A petro-chemical company for a new process wanted to measure speeds and acceleration of high speed motors setup as banks of eight each. The proximity sensors gave out a high speed pulse train for each of these eight motors in the bank. The high resolution requirement coupled with fast periodic measurement was a challenging problem.
The resolution on speed was 0.01% and that on acceleration was 0.001%. These parameters had to be measured and be available for scanning by an external remote controller once every second. The resolution had to be maintained at both the low end and the high end of the speed spectrum, thus greatly increasing the dynamic measurement range.
The entire electronics and firmware was designed to meet these specifications. A Xilinx FPGA was chosen to dynamically pre-scale the pulse train based on the current speeds. The pulse widths were then measured with a high speed clock to allow for the required resolution at all the speed ranges. The FPGA was designed to measure the speed of all the eight motors concurrently. The system was designed to complete all the measurements once in 500 milliseconds. The results were then transferred to a sixteen bit micro-controller. A remote controller system would query this unit through the Ethernet interface once very second for both speed and acceleration data for all the eight motors. The microcontroller implemented the communication protocol to this remote system. A Modbus protocol was also implemented to enable PLCs or SCADA systems to query the speed and acceleration for all the eight motors at regular intervals. A local LCD panel displayed the measurements which was updated every second.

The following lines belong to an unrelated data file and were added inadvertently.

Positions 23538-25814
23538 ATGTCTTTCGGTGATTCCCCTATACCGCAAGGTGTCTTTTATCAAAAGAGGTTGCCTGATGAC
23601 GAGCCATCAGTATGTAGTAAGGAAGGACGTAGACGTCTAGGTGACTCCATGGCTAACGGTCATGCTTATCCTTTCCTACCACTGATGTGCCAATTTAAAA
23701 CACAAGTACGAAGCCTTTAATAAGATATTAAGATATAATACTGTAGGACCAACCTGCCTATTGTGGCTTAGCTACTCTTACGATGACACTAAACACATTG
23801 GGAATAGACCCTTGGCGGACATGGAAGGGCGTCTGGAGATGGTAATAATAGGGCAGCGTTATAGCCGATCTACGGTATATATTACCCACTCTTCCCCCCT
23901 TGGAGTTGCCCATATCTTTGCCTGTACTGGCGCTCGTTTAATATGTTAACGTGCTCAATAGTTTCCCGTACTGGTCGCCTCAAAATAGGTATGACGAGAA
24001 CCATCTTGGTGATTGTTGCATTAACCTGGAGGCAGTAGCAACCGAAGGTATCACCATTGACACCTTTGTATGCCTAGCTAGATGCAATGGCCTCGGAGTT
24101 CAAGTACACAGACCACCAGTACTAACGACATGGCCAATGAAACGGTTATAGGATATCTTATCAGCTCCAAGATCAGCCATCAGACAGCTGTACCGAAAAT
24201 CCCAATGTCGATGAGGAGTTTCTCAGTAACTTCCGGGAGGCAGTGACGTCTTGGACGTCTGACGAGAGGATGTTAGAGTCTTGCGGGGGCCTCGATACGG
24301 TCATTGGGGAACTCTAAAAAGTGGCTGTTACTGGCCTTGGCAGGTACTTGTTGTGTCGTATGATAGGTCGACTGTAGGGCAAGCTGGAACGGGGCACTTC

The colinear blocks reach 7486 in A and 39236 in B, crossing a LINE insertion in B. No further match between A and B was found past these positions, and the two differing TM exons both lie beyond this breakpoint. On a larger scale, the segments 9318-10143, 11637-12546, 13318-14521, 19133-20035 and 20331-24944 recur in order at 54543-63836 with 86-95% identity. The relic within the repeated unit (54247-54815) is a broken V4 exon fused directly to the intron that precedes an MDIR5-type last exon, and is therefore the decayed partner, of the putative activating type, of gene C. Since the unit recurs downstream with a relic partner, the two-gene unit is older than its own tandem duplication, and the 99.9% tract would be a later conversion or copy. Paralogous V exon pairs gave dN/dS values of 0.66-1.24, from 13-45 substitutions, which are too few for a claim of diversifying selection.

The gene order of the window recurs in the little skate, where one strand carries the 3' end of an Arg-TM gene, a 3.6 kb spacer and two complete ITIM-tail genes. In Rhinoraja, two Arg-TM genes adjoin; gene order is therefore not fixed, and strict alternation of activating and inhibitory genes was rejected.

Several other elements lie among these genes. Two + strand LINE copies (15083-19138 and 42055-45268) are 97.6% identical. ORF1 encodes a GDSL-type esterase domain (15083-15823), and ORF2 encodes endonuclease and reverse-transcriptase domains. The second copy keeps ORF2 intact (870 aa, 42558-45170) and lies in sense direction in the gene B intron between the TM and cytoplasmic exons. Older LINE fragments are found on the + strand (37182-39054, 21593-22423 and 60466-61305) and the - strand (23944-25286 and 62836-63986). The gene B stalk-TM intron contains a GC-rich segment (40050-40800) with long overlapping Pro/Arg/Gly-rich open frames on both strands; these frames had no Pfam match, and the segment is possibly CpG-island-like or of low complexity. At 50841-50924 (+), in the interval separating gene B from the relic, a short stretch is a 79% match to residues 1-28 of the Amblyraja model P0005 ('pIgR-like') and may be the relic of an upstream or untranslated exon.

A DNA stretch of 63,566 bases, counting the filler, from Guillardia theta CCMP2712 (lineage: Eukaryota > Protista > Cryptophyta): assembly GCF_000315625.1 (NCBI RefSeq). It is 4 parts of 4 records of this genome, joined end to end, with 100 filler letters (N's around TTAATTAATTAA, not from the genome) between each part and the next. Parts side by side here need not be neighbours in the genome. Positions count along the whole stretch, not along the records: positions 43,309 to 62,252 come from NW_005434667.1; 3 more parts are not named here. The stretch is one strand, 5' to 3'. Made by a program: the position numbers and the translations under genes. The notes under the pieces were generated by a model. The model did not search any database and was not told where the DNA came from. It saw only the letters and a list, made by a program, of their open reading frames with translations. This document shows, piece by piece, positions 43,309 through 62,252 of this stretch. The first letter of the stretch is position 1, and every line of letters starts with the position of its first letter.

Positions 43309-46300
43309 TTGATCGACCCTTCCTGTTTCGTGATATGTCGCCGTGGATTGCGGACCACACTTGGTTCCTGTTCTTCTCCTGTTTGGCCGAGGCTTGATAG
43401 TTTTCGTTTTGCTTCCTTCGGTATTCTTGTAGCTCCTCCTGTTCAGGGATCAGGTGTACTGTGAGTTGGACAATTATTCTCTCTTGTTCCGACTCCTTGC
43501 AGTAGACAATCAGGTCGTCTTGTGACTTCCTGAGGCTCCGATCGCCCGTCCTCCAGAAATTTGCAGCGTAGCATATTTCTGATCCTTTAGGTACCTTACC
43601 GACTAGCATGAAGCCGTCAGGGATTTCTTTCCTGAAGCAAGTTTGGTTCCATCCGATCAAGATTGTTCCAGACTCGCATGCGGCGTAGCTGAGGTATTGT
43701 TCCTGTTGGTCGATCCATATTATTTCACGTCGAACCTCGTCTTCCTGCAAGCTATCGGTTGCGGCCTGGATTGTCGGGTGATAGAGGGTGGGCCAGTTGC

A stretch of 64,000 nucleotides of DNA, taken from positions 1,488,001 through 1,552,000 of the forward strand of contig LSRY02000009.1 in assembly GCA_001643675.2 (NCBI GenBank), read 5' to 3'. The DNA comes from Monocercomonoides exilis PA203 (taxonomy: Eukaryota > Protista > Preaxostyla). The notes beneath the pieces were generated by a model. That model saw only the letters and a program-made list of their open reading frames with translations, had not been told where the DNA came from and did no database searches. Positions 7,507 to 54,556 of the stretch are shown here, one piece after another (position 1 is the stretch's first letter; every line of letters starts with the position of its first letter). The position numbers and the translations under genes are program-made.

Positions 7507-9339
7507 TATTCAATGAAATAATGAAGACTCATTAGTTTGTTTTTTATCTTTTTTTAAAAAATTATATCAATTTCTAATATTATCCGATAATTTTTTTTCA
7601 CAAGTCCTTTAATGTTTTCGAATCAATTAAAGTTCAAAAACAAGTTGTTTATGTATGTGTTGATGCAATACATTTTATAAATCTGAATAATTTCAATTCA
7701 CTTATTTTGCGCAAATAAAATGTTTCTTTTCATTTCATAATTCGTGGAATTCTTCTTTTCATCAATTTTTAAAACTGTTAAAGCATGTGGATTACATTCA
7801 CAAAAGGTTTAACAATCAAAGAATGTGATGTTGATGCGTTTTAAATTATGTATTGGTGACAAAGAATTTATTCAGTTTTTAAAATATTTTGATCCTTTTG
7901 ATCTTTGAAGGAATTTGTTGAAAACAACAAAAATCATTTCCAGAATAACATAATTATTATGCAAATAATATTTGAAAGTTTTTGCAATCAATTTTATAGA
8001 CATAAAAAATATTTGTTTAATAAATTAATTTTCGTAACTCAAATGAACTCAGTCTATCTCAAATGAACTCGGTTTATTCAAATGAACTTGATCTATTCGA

The electronics was designed to run in a high electrical noise environment. The input signals from the eight channels went through signal conditioning stages followed by an anti-aliasing Nyquist filter. Isolated power supplies, communication channels and sufficient voltage margins enabled the board to run effectively in an electrically hostile environment. A watch dog timer ensured that any processor or FPGA lock up would trigger an immediate reset.
Digital Filter algorithms were designed and implemented to reduce noise. A digital notch filter helped to minimize noise induced from two different frequencies present in the environment. This was followed by a moving average filter with threshold algorithm implementation that eliminated most of the white noise without sacrificing the response time for a step change.
The result was a low cost electronics board with firmware that met all the requirements and enabled the client to implement the new process.